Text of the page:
United Nations officials and the Security Council today called for a halt to the fighting in the Sudanese state of Southern Kordofan amid reports of aerial bombings of civilians and mass graves, and called on Khartoum to provide unhindered access for humanitarian assessment and assistance.
Members of the Council “urge all parties to respect humanitarian principles and to allow humanitarian personnel timely and unfettered access to the affected civilian population,” Ambassador Peter Wittig of Germany, which holds the Council’s rotating presidency this month, told reporters at UN Headquarters.
His comments followed a closed-door meeting of the Council with Valerie Amos, Under-Secretary-General for Humanitarian Affairs, who briefed the 15-member body on the situation in Southern Kordofan, where fighting continues despite an agreement signed last month between the parties.
“I am increasingly alarmed by the mounting allegations of mass graves in South Kordofan, Sudan, and of reported disappearances of civilians, targeting of people on an ethnic basis, and extra-judicial killings,” Ms. Amos said in a statement released after the meeting.
She said the Government of Sudan has repeatedly denied the UN access to the area since the skirmishes between its forces and those of the Sudan People’s Liberation Movement (SPLM-North) began in early June.
Ivan Šimonovic, Assistant Secretary-General for Human Rights, told a news briefing in New York that the UN has received “very disturbing” reports recently from Southern Kordofan that include indiscriminate aerial attacks, shelling, abductions and extrajudicial killings.
“There are secondary sources, reliable secondary sources on the existence of mass graves,” he said. “I am saying ‘secondary sources’ because of reduced mobility we are not able to verify that.” Recent media reports said that as many as 100 civilians are buried in mass graves.
The mandate of the UN peacekeeping mission in Sudan came to an end after the Republic of South Sudan became independent on 9 July. The Council has created a UN Mission in the Republic of South Sudan (UNMISS), but the new mission does not have a mandate to operate in Sudan.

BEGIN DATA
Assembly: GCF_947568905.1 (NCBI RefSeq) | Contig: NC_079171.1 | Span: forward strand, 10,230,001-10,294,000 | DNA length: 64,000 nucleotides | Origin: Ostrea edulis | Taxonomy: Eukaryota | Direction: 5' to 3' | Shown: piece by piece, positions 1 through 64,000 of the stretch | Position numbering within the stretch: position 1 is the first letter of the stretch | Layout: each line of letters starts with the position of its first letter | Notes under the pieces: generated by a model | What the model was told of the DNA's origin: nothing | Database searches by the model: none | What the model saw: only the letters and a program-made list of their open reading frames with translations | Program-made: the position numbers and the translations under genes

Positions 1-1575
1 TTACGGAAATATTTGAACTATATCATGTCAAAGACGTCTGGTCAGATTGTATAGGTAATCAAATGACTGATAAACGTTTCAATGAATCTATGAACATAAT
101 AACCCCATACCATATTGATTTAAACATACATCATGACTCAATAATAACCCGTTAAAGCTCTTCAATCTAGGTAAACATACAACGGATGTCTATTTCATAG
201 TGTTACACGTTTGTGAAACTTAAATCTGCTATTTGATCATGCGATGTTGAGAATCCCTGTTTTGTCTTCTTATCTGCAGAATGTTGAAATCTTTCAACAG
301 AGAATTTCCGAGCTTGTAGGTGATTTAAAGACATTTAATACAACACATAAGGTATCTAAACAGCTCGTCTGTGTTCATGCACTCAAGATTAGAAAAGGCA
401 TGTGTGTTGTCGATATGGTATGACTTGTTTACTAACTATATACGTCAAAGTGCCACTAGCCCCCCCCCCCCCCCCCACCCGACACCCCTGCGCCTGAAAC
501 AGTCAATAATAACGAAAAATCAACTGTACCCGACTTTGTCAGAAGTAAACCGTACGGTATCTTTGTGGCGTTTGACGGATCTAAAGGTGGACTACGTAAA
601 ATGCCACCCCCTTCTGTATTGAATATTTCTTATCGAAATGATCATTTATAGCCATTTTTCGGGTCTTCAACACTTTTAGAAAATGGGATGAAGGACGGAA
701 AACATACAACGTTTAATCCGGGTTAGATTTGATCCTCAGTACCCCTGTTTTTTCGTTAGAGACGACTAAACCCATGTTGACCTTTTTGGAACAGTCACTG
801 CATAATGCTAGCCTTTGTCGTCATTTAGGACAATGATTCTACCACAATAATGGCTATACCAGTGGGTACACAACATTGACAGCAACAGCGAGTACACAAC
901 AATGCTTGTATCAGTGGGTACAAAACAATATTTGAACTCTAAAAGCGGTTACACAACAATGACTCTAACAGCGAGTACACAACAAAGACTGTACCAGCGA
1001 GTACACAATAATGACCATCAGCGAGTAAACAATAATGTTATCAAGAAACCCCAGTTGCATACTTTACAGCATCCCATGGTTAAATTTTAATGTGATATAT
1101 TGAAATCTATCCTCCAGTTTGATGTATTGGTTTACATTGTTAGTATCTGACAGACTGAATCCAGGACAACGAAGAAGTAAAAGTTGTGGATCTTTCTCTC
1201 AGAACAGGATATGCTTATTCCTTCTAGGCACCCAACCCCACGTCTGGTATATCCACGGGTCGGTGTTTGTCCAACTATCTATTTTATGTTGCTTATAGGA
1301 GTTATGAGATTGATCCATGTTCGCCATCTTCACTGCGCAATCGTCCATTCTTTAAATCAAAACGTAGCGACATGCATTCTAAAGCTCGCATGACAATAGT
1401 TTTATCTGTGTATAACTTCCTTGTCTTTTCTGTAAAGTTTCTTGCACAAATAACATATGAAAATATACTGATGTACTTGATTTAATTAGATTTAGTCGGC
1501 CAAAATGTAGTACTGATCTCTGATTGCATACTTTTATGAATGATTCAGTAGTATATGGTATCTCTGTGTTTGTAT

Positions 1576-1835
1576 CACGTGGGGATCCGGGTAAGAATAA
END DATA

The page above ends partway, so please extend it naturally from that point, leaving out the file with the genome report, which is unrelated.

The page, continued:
Mr. Šimonovic said the loss of a mandate in the area was a “dangerous monitoring gap.”
He added that the Office of the High Commissioner for Human Rights (OHCHR) will soon send an assessment mission to the area. “We do hope that they would be allowed by the government to access Kordofan,” he said.
During his recent stop in Khartoum, on his way to South Sudan’s independence ceremony, Secretary-General Ban Ki-moon had urged the Sudanese Government to put in place mechanisms to ensure that humanitarian operations can continue in Southern Kordofan and Blue Nile states, and added that UN personnel needed unfettered access, according to spokesperson Martin Nesirky.
“He said that he was extremely concerned about the violence in Southern Kordofan and its impact on civilians, that there was a need for a ceasefire as matter of priority and that, we simply could not afford with the mandate at that point about to run out, and now having run out, we simply could not afford to have any gap in monitoring at this critical juncture,” Mr. Nesirky said.
In his remarks to the press, Mr. Wittig said Council members also called on Sudanese Government and the SPLM-North “to agree to an immediate cessation of hostilities, viable security arrangements and the modalities for their implementation.”
They also condemned “in the strongest terms” any violent or unlawful acts against civilians and UN personnel, and stressed that those responsible for the violation of international human rights and humanitarian law should be held accountable, he said.